Using algae and cellulose as a basis, we create 100% biodegradable and renewable embellishments which we design to be easily molded for scalable impact. Our products can react to their environment and create an interactive consumer experience. Beyond broad environmental benefits, it also eliminates physical hazards for textile workers.
Sustainable embellishments available in the market are made from PET, which is costly and difficult to biodegrade, while ours requires no special processing. We have also added engaging features such as bioluminescence or transforming colors, which created an enhanced experience for the user.
Cellsense was born out of my college thesis project and scaled up thanks to the “Creatives For Our Future” initiative by the Swarovski Foundation and the UN. This opportunity helped establish Cellsense LLC, apply for patents, and piqued the interest of sustainability-focused fashion brands even before product commercialization. Customers and designers often liken the feel and aesthetics of our green beads to gemstones such as jade or emerald. This reinforces our commitment to creating a product that marries environmental responsibility with beauty.
You have worked with various organisms like Kelp, Escherichia coli, and Mycelium in your projects. Can you elaborate on the role of these organisms in creating sustainable textiles and what makes them ideal for your work?
Kelp, E. coli, and Mycelium are fascinating organisms that offer a range of possibilities for sustainable textiles.
Kelp, for instance, is a type of seaweed that grows rapidly and absorbs carbon dioxide from the atmosphere. This renewable resource can be harvested without inflicting harm on the ecosystem. In addition, kelp cultivation can provide fishermen with alternative income sources during their off-season, enhancing local economies while promoting environmental sustainability.
E. coli, a common bacterium, can be ingeniously engineered to produce vibrant dyes and proteins that emulate the feel of silk.
Mycelium, the root structure of mushrooms, can be grown into dense, 3D structures and leather-like material. All of these organisms can be grown under controlled conditions with minimal resource input, making them ideal for sustainable textile production
Photograph by Jamie Pavon
What are some of the challenges you have faced in the development of your innovative materials, and how did you overcome them?
Biopolymer embellishments haven’t been fully developed yet and there is a complete lack of resources or literature we can reference for this process. We are one of the first to figure out material composition and development, scaling up, and life cycle testing for this kind of product, which was both exciting and challenging. We are determined to remain true to our values and refrain from including harmful synthetic additives in our products. Instead, we focus on using resources that are naturally abundant and affordable.
I believe that economical production is also a requirement so we can replace conventional embellishments, ensuring that sustainability doesn’t remain a luxury item. To pursue this, we use an automated pipetting system called Opentron to allocate biopolymers at divots on a 3D-printed bead loom, creating large-scale customizable beaded panels in a time, labor, and cost-efficient manner. By harnessing the unique properties of biopolymers and employing innovative production methods, we offset expenses associated with biopolymer use, making these sustainable materials economical while also reducing the burden on workers who often suffer from carpal tunnel syndrome due to constant repetitive hand movements.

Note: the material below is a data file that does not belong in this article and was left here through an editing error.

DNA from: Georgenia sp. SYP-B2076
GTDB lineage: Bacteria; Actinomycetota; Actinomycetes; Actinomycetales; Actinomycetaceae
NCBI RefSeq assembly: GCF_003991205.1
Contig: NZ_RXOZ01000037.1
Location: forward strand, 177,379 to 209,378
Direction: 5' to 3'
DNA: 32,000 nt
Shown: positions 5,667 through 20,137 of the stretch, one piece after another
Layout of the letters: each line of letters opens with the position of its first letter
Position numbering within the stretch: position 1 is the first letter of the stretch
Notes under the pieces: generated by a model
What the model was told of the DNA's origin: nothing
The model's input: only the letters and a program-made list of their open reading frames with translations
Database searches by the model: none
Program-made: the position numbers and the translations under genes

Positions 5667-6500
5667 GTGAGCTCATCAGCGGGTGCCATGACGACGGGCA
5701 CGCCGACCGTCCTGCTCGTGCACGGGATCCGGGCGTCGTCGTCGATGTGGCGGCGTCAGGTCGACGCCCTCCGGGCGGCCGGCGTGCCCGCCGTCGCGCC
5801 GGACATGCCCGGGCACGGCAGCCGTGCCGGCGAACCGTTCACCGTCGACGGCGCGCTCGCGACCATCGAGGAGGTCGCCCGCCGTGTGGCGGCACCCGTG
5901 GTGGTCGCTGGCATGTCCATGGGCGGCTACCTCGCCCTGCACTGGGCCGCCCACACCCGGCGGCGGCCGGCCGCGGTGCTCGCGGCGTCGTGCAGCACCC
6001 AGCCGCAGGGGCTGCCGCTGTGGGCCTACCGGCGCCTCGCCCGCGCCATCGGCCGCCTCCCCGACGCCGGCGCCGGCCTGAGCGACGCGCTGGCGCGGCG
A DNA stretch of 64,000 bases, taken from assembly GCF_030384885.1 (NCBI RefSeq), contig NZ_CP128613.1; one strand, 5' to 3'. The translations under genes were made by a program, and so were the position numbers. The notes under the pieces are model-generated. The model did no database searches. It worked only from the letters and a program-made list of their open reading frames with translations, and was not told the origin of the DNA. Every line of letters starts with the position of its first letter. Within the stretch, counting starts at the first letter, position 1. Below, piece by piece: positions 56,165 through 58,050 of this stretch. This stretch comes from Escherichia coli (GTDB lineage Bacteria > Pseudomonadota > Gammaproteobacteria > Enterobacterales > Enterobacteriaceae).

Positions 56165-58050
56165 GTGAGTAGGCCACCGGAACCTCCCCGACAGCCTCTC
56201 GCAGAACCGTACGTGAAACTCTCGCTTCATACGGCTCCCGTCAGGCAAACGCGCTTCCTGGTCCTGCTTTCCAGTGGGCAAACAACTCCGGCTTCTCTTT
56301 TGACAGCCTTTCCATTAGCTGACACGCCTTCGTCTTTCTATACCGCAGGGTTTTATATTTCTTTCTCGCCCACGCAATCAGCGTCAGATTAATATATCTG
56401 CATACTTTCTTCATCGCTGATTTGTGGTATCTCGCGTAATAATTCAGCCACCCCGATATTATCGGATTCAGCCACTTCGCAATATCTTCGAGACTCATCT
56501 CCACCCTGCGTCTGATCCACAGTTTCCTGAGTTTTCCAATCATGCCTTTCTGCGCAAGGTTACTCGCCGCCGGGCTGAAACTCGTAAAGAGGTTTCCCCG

And in terms of aesthetics, we have integrated a protein extracted from jellyfish called “Aequorea victoria” into our biopolymers, making the material bioluminescent and offering unique design possibilities to both designers and consumers. This innovative approach allows us to demonstrate the versatility and appeal of biodegradable materials, ultimately shifting perceptions within the industry.
What can we expect to see from you in the future? Are there any upcoming projects or collaborations that you are particularly excited about?
Currently, we’re thrilled to be collaborating with two jewelry designers, one based in the US and another in India. We’re also partnering with a sustainability-focused fashion brand based in New York, all with the aim of creating innovative designs using Cellsense materials. We look forward to the launch of these designs soon!
While many biotech companies focus on developing materials for future applications, our approach emphasizes creating products that can be embraced by customers in the present. We are committed to driving positive change in the industry and delivering sustainable, modern options for consumers today.
Finally, are there any designers, artists, or innovators who have inspired your work or whom you think our readers should know about?
There are many talented and innovative individuals out there, but some of my key inspirations include:
Natsai Audrey Chieza: Founder of Faber Futures, Natsai is a pioneer in the field of biodesign. Her work fuses biology, design, and sustainability, and she’s recognized for her innovations in bacterial dyeing processes.
Céline Semaan: A designer, writer, and advocate, Céline is the founder of Slow Factory, a nonprofit organization dedicated to improving environmental and human rights issues in the fashion industry. Her work merges activism with fashion, proving that style and sustainability can go hand in hand.
Tessa Callaghan: Co-founder of AlgiKnit, a biomaterials company integrating algae-based yarns into the textile industry. Callaghan’s work merges biodesign, sustainability, and fashion to create regenerative solutions.
Jasmina Aganovic: President of Ginkgo Bioworks, a bioengineering company developing custom microbes for a variety of industries. Aganovic is a key figure in the biotech space, exploring the potential of synthetic biology for sustainable production.